Industrial Design Student App Impresses Local Start-Up Community

Thorpe's team's “Should I?” app enables users to compose a yes-or-no question to instantly generate a poll and gather responses from other users.

Thorpe’s team’s “Should I?” app enables users to compose a yes-or-no question to instantly generate a poll and gather responses from other users.

You may have seen industrial design junior Kyle Thorpe careening around campus on his red Rocketskates. He found the battery pack-powered skates on crowdfunding website Kickstarter and decided to give them a try.

Testing new products and supporting fellow entrepreneurs with design feedback is something Thorpe sees as essential to achieving success in today’s start-up world. It’s what makes him an early adopter of the latest technology gadgets such as Google Glass. “In order to be on the edge, you have to stay on the edge,” he said.

Thorpe captured the attention of the local start-up community when he and his team took first place for their design of polling app “Should I?” at this fall’s Philadelphia Startup Weekend.

The business pitch competition challenged local entrepreneurs to form teams, develop business models and deliver final strategies and prototypes—in just 54 hours. About 100 people in more than a dozen teams participated in the Nov. 14 to 16 competition.

The winning “Should I?” app enables users to compose a yes-or-no question to instantly generate a poll and gather responses from other users. For example, “Does Pat’s have the best cheesesteak?” To narrow their poll results, users can sort respondents by gender and location.

Thorpe said his team would like to see “Should I?” head to the App Store.

Industrial design junior Kyle Thorpe believes in testing new products in the start-up world, such as Rocketskates.

Industrial design junior Kyle Thorpe believes in testing new products in the start-up world, such as Rocketskates.

“We’ve been given a great opportunity to do this head on,” said Thorpe, who was responsible for prototype creation. “I think this would be a great learning experience, if nothing else. If we get enough users, we will start looking into venture capital funding.”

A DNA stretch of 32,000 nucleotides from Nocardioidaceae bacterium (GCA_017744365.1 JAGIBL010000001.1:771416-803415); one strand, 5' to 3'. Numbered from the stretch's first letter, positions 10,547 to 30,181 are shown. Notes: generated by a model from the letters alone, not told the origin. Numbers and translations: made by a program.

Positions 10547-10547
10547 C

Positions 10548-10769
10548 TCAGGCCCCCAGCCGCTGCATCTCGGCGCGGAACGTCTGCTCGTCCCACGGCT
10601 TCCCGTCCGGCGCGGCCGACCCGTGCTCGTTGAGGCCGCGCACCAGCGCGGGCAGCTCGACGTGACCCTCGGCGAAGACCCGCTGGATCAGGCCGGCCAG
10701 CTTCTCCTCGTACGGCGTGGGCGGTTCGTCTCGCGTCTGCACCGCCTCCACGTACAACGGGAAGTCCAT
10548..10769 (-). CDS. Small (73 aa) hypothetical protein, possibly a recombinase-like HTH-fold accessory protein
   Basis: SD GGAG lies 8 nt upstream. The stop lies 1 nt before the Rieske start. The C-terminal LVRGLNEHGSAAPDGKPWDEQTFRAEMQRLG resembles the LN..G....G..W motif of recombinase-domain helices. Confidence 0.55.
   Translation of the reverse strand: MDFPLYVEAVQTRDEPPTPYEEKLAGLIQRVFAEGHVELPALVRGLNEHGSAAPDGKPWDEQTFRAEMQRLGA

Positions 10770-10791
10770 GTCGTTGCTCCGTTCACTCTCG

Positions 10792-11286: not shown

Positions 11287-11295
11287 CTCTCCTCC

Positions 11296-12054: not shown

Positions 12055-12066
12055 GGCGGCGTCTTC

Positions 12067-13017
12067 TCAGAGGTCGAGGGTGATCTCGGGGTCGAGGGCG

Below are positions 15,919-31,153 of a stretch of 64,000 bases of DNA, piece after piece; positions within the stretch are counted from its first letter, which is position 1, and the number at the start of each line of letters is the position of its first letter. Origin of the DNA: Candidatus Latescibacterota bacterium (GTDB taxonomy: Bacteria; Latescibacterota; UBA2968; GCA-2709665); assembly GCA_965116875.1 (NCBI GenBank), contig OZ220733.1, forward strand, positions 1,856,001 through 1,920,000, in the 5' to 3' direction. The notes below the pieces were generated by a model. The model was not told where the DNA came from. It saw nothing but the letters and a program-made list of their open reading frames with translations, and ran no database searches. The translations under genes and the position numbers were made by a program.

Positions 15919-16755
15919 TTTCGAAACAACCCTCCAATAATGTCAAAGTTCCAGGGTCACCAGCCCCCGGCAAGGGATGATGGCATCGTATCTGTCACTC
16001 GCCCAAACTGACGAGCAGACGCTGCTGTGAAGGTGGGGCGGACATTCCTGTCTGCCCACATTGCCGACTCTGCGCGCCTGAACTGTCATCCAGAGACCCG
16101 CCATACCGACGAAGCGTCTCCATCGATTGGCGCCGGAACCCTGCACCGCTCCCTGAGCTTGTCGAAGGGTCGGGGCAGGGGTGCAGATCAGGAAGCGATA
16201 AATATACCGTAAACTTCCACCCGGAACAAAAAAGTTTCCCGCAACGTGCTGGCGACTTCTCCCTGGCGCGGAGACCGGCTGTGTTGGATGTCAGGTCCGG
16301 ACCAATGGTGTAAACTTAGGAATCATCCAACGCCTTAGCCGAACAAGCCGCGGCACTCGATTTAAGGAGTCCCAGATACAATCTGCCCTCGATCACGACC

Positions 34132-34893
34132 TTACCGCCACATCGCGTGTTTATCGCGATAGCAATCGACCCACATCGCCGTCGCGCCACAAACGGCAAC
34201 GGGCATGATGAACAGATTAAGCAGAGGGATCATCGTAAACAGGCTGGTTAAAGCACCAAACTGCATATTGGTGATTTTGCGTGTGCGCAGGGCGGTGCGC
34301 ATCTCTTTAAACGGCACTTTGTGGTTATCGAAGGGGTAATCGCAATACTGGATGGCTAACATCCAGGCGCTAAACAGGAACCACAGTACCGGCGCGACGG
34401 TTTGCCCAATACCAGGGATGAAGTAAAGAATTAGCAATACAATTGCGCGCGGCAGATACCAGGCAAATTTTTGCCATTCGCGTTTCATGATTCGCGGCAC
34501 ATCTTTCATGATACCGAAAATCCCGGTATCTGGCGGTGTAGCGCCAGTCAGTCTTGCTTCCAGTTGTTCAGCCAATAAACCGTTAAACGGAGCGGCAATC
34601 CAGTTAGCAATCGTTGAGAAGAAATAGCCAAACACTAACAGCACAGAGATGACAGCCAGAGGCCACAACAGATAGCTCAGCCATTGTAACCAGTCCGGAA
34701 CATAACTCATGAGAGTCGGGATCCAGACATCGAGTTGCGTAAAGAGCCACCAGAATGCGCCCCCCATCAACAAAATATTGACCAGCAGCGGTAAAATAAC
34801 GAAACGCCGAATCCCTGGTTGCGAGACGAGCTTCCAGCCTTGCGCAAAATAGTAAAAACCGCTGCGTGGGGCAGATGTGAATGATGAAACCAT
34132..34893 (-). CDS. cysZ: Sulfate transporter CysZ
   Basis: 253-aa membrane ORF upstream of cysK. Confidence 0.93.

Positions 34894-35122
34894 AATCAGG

Thorpe said he felt well-prepared for the collaboration required at Startup Weekend after participating in several sprint projects with industry partners at PhilaU. “They gave me a head start,” he said.

Thorpe is something of a serial entrepreneur. In his spare time, he has been working on such projects as an origami-inspired collapsible water bottle, an ergonomic standing chair and an app designed to find the safest bike paths by mapping frequently traveled routes. “You can’t change the world if you are doing what everyone else is doing,” he said.

For their Startup Weekend win, Thorpe’s team was rewarded with a membership to ic@3401, a local collaborative workspace, a free design and development evaluation from Webjunto, a Philadelphia-based web, mobile and social design company, as well as coding assistance and other valuable start-up resources.

The group also will receive coaching from Chris Baglieri, engineer for Philadelphia-based mobile app management company Artisan Mobile Inc., as it pursues further product development.

“‘Should I?’ has the raw materials to hit the ground running with the potential for traction,” Baglieri said. “It’s super simple conceptually, and, if built right, to use. It plays with concepts we see leveraged in already successful apps.”

Thorpe, a resident of Spring City, Pa., has long had a passion for creativity. “Ever since I was five I wanted to be an inventor,” he said. Now, he said he’s following his dream by pursuing industrial design at PhilaU, learning such skills as rapid prototyping, design thinking, 3-D modeling and material selection.

“My end goal,” Thorpe said, “is to start my own company and invent things for the greater good.”

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